It’s a big country, in places – New Zealand. Quintessential Middle Earth, to some. And suddenly my wife and I find ourselves in this part of it:
Not planned, though we’ve been planning this road trip for a while: a wander through New Zealand’s South Island, over Haast Pass into Westland – a spectacular bush-clad landscape that looks like a downstream slice of the Jurassic. Mainly because it is. But we never get there.
Our plan rests on good weather, not too big a gamble in January, except for my astonishing capacity as a rain god. Clouds roll in as we look around Glenorchy, home to a branch railway line that, at 50 metres, is regarded as New Zealand’s shortest. By the time we reach Wanaka the district is sodden and the information centre jammed with annoyed tourists.
The pass is closed by a slip. Come back at noon. We dash through pelting rain to find brunch. An hour later nothing has changed, except the information board which tells us to come back at 3.00 pm for more news. The tourists fume: ‘Sie Kiwis! Ist Ihr Wetter so völlig undiszipliniert und ohne Ordnung!’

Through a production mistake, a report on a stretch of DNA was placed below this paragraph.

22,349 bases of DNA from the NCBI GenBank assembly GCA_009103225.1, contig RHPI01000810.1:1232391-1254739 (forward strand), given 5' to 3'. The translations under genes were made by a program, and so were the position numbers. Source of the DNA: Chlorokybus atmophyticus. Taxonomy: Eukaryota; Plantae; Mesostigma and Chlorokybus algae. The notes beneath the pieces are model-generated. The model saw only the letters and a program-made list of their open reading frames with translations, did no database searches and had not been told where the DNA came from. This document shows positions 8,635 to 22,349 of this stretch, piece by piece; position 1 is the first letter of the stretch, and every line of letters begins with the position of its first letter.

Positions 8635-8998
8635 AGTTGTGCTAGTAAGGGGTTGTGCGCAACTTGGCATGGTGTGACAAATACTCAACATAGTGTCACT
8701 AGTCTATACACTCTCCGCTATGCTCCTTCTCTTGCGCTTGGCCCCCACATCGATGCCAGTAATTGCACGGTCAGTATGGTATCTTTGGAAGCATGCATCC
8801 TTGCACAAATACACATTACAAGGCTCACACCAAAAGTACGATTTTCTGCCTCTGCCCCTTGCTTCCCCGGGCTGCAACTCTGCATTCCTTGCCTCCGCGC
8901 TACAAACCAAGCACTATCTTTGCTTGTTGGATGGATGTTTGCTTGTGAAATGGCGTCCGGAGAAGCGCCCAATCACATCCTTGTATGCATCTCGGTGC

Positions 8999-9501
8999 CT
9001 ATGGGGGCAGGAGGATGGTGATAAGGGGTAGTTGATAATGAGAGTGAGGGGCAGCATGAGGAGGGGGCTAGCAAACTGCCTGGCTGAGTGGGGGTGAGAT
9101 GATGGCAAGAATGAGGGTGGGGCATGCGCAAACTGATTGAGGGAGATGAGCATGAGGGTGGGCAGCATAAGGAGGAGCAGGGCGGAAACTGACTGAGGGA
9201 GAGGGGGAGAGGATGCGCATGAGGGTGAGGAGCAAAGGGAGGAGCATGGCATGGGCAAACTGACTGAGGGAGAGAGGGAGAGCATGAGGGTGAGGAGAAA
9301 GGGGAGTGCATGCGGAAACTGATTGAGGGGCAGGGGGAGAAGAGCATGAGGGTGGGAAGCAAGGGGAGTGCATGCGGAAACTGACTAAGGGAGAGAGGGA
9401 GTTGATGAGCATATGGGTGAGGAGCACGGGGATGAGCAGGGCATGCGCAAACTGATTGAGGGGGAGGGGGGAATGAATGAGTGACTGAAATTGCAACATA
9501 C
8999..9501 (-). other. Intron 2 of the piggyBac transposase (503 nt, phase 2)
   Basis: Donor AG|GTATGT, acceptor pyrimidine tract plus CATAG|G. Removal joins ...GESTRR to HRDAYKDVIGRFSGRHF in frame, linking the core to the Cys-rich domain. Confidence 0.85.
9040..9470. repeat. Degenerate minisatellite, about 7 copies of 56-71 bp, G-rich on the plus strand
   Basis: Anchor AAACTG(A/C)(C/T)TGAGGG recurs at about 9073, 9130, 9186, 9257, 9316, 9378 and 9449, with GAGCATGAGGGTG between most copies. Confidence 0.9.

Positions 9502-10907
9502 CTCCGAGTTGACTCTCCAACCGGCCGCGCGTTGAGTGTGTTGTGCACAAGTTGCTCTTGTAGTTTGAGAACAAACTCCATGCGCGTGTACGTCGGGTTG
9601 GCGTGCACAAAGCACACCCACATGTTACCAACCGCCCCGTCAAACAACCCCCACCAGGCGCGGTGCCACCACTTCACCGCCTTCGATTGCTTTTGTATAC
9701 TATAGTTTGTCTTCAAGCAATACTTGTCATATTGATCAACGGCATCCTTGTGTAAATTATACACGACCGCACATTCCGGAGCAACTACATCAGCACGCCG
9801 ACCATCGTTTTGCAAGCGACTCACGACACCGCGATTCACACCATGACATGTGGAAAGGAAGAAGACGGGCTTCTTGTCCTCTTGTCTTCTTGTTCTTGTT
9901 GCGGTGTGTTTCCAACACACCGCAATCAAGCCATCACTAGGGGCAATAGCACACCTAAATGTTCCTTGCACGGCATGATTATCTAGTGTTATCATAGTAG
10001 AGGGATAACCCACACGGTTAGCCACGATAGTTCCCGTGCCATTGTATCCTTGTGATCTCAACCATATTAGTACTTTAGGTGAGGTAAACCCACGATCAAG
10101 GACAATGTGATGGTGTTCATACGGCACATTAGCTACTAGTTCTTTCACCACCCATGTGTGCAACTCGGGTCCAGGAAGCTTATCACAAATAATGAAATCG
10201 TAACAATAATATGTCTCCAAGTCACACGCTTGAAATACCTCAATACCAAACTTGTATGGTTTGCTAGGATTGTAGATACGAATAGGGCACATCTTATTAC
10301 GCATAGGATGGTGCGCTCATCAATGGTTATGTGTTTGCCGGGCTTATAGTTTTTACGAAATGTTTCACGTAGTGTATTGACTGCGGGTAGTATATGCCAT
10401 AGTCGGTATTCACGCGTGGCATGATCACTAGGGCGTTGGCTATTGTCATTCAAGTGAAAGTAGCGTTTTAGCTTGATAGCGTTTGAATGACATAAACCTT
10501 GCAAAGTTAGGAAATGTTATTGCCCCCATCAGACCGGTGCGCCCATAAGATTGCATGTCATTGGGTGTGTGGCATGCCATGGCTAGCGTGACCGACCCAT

Quite. We have family to meet in Westport in two days, and Haast Pass is the direct route.
‘Let’s go up the east coast,’ I suggest. She Who Must Be Obeyed agrees. We set out for the Lindis Pass – the road to north Otago and the MacKenzie country, better known to the world as ‘Rohan’.
A few minutes later we break out into bright sunshine. Of course.
And we enter a gigantic landscape with a big sky and rolling ochre hills that defies the imagination. It is the antithesis of Westland; a vast land of vast form that leaves us breathless with its beauty.
We keep stopping. I am on a photography jag. What’s the point in lugging a camera that weighs over 1kg with a lens that looks like a ½ scale Saturn V rocket, if you don’t use it?
Besides, this landscape is not to be missed. It is not just a big country. It is a huge country. It unfolds around us in a vast carpet of tussock and rolling yellow-brown, mythically gigantic when beheld from the puny scale of mere mortals. I find myself thinking not of the fantasy riders who pounded across it in Jackson’s ‘The Two Towers’, but of the hardy Scots and English folk who took it on for real in the 1850s, throwing sheep across Crown leasehold with enthusiastic abandon and reaping financial rewards that made them rich beyond their wildest dreams.
Not to mention James MacKenzie, the alleged sheep-rustler who, legend goes, hid a stolen flock in the midst of this enormous landscape – a land that, today, bears his name.
It is a fantastic place, a land of legends, a land of history, an inspiration – and a place for dreams.
Copyright © Matthew Wright 2013